Date   
Re: 2445A calibration

maxim.vlasov@...
 

Chuck,

Regarding the ROMs it's certain that the thing is hand-written in ASM (but not macro ASM). Looks like the work was spliced between the team and they have put almost the double effort into creating the infrastructure 2 or even more times. They could simply create the common low level drivers and put all of them together with the interrupt service routines into the lower RAM working area or at least use the macro ASM and use the same code modules for the time critical applications. But they have prefered another way of doing things. Or maybe the current state of the project is the result of a long and painful evolution (usually when things are getting pretty ugly at the end). Also the code hierarchy and the depth of the nesting is limited by the stack heap size, which is also sitting in the bottom 2K area.
I'm nobody to judge the mighty Tek decisions, but I would make the system more simple. One of the complexities in the current FW are due to the fact that there is no common always "visible" ROM area with the interbank calls and routines. Also it would be good to keep the interrupt vectors in RAM (just give the ROM under reset) especially since there is plenty of free space at the end of each 32K ROM partition.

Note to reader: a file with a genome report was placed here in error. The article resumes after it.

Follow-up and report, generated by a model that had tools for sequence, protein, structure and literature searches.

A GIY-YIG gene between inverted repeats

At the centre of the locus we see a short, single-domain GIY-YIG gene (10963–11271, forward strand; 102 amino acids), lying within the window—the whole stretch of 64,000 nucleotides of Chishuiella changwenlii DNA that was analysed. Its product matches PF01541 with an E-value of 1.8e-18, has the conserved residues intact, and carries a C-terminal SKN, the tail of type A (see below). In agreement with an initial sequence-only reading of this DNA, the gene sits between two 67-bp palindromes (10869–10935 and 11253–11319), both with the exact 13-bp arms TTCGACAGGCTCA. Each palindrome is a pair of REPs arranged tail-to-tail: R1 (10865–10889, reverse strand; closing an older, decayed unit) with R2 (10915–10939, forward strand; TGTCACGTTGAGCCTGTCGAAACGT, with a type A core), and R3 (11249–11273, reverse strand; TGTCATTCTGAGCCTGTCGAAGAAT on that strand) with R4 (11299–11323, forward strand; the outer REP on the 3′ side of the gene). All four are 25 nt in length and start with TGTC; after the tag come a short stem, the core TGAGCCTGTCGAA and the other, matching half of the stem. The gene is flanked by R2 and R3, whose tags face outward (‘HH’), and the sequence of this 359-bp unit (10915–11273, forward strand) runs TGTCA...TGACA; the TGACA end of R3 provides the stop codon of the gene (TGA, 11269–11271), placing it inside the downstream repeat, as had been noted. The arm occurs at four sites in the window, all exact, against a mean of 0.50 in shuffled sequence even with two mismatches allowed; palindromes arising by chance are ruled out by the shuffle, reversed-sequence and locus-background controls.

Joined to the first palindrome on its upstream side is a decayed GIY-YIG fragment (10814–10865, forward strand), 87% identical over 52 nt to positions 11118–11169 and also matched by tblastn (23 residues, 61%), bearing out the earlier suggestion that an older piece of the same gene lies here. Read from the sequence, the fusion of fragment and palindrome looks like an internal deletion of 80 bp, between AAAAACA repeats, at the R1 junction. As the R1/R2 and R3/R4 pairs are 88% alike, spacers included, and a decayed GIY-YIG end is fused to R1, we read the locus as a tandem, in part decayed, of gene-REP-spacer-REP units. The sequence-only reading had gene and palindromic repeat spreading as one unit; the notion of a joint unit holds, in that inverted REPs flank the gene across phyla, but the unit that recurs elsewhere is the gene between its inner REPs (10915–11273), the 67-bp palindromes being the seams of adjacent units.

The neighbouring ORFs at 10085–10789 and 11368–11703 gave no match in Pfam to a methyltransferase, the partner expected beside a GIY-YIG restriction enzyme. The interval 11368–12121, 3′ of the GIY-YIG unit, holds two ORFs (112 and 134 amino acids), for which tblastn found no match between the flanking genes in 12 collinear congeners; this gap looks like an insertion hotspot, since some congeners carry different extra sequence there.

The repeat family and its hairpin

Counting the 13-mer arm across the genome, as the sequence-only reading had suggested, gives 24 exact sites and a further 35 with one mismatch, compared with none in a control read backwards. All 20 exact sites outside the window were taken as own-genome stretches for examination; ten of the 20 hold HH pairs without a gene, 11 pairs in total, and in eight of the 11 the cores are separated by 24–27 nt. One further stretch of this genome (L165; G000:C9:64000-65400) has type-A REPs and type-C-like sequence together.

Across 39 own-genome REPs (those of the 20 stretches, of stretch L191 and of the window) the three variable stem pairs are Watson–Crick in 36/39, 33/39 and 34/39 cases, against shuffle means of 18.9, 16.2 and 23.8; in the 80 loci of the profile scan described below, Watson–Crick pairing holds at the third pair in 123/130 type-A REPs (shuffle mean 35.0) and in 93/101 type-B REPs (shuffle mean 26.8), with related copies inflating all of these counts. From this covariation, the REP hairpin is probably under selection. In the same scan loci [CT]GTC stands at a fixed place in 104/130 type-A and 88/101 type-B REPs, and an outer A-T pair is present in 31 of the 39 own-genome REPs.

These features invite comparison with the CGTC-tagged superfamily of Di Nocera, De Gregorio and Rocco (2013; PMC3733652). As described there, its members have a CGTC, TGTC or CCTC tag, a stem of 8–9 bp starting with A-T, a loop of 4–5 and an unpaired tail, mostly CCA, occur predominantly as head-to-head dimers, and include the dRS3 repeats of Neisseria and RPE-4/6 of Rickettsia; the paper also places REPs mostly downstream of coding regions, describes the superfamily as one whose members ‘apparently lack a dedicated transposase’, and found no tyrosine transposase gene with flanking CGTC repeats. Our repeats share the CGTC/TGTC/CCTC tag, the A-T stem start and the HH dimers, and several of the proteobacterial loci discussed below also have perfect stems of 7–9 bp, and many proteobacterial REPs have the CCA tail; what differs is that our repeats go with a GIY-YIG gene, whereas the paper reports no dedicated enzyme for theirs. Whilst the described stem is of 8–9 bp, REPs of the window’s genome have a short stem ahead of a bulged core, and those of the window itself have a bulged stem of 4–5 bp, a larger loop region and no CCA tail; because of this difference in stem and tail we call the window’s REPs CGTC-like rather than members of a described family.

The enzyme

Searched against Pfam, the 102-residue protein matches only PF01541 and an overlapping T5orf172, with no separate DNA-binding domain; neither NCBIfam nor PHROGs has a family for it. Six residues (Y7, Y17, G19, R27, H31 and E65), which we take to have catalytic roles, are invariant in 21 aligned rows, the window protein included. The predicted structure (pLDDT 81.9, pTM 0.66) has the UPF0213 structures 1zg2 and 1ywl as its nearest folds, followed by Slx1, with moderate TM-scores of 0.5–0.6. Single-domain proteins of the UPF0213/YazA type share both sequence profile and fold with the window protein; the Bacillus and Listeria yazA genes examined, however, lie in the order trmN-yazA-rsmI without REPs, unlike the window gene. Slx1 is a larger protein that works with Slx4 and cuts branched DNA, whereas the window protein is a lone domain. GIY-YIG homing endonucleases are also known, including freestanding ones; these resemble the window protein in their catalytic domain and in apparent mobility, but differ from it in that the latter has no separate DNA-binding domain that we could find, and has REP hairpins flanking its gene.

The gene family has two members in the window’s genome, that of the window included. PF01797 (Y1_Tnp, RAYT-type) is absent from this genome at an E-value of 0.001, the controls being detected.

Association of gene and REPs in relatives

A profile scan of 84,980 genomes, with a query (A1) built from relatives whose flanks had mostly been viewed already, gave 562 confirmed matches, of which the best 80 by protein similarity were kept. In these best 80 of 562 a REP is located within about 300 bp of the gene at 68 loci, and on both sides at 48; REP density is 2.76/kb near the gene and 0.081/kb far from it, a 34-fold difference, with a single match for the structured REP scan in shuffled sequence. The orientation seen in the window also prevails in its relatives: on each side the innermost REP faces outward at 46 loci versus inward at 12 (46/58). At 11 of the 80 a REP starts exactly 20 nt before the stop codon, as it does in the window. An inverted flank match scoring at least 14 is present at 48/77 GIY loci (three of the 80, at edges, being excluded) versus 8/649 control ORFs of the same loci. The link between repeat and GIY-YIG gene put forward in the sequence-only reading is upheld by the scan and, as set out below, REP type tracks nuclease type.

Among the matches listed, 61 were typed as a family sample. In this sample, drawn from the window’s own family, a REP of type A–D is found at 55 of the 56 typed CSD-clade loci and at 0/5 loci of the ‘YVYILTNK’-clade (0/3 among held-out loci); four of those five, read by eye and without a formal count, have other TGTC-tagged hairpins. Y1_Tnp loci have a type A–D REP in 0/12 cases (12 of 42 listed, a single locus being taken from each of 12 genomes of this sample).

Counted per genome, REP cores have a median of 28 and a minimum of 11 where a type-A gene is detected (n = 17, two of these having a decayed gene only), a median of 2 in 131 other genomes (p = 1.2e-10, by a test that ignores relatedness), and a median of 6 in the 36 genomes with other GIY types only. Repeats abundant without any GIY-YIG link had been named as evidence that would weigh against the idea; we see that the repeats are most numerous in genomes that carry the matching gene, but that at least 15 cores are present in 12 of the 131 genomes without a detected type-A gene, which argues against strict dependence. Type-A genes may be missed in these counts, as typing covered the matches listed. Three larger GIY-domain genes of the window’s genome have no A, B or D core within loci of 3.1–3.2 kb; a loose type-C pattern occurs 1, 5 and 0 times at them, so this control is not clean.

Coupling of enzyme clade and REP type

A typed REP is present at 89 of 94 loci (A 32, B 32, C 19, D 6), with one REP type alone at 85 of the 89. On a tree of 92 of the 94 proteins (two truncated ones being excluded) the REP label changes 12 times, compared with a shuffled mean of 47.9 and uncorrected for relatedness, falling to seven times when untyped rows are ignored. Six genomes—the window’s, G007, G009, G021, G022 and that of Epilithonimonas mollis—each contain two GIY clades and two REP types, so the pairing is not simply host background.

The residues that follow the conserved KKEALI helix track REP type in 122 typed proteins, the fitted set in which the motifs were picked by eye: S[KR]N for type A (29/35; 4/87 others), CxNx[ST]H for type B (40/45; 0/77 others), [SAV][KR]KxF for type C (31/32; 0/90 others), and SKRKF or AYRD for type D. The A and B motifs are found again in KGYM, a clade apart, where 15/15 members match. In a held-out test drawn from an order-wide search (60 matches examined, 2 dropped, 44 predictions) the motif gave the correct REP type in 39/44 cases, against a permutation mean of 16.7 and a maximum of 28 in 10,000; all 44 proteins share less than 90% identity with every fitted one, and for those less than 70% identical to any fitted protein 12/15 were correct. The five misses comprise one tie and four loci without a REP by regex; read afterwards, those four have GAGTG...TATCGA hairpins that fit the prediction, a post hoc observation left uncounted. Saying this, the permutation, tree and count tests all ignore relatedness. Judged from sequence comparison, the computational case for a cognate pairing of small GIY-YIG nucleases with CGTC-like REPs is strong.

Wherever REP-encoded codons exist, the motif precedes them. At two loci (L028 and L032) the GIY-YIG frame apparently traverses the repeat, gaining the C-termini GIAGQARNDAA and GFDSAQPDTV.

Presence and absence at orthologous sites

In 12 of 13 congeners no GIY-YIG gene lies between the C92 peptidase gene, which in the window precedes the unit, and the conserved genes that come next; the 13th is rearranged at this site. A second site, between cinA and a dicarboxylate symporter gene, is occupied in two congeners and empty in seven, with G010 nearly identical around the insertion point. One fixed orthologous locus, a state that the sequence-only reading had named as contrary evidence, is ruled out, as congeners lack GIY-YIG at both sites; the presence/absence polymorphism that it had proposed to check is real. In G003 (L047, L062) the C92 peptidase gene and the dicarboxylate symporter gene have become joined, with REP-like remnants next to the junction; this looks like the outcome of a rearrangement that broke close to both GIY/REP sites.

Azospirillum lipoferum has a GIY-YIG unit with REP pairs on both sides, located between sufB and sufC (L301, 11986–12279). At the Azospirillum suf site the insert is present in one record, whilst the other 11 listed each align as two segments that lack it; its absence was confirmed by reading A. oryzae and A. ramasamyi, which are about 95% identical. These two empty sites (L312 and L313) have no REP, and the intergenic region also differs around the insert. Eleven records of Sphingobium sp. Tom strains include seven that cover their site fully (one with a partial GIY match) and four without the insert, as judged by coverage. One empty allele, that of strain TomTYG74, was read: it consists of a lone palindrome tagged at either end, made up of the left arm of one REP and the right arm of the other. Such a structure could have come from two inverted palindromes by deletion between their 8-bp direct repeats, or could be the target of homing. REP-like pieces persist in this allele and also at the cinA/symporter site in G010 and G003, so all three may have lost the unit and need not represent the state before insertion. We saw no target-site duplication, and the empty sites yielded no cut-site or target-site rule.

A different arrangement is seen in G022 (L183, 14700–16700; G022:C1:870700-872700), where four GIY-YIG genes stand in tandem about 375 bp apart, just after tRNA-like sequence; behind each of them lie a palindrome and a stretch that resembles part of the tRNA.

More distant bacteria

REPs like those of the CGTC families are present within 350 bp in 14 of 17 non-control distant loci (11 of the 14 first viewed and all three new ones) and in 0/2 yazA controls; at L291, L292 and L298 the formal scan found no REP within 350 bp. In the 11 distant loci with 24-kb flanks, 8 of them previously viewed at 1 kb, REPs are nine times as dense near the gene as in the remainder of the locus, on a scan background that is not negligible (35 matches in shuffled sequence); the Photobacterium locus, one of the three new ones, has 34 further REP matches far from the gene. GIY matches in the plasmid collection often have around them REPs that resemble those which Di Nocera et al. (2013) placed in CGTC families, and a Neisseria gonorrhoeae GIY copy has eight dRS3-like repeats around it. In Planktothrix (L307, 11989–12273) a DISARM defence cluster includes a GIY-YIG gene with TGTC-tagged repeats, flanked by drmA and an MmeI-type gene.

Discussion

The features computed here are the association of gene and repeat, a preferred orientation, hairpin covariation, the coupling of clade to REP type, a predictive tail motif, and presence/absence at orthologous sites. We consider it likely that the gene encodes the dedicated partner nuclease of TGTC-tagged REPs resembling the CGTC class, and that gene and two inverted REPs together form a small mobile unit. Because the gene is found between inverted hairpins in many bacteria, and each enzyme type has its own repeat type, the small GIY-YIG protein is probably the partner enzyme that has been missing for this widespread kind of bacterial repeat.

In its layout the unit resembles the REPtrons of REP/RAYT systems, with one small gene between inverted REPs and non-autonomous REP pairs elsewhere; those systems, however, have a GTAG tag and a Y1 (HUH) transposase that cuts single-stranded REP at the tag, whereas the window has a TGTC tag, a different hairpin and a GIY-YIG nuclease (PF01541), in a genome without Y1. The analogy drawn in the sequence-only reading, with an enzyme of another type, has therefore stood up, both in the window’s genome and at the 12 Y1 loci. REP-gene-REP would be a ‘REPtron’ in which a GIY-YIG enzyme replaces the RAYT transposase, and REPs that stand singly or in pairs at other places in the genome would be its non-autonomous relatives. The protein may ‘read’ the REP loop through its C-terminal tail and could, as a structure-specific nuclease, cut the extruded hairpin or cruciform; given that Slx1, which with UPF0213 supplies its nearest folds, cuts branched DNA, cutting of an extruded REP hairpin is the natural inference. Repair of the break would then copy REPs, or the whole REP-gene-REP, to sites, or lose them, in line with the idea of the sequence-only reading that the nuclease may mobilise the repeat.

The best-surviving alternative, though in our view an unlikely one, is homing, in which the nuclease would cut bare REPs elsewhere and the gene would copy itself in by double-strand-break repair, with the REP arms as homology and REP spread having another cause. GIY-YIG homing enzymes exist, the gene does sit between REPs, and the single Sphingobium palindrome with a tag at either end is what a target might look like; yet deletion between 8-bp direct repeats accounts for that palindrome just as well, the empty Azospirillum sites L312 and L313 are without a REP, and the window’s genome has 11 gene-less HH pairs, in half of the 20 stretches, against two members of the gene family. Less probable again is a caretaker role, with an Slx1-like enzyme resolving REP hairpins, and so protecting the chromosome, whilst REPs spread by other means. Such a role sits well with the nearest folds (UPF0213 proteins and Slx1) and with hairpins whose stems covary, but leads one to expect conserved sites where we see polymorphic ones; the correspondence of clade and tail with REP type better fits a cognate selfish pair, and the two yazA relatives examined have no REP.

But at the end looks like apart from jumping all over the place the thing is well debugged (the most important) and does its function.

Also thank you for pointing to the screen adjustment, which I have always skipped. I'll start from that and check out again whether I can put the cursor beyond the bound of the graticule after that. Regarding the ripple, what was measured on J119 is well in the spec (almost no ripple at all).

Thanks again,

Re: 2445A calibration

maxim.vlasov@...
 

Hello Siggi,

Thank you for your suggestions,

I'll try checking the leakage in the store capacitors (10MOhm probe is ok for that IMHO).

A1 board was repaired ("butchered" by me) from above without unscreweing and removing is at all. I.e. the opamps desoldering in the CHANNEL 1 and the hybrid replacement was done by keeping the A1 board in place (my fault).
It seems like I would have to do more substantial time investment, remove A1 and recap the board and finally verify/replace C851-C854 caps.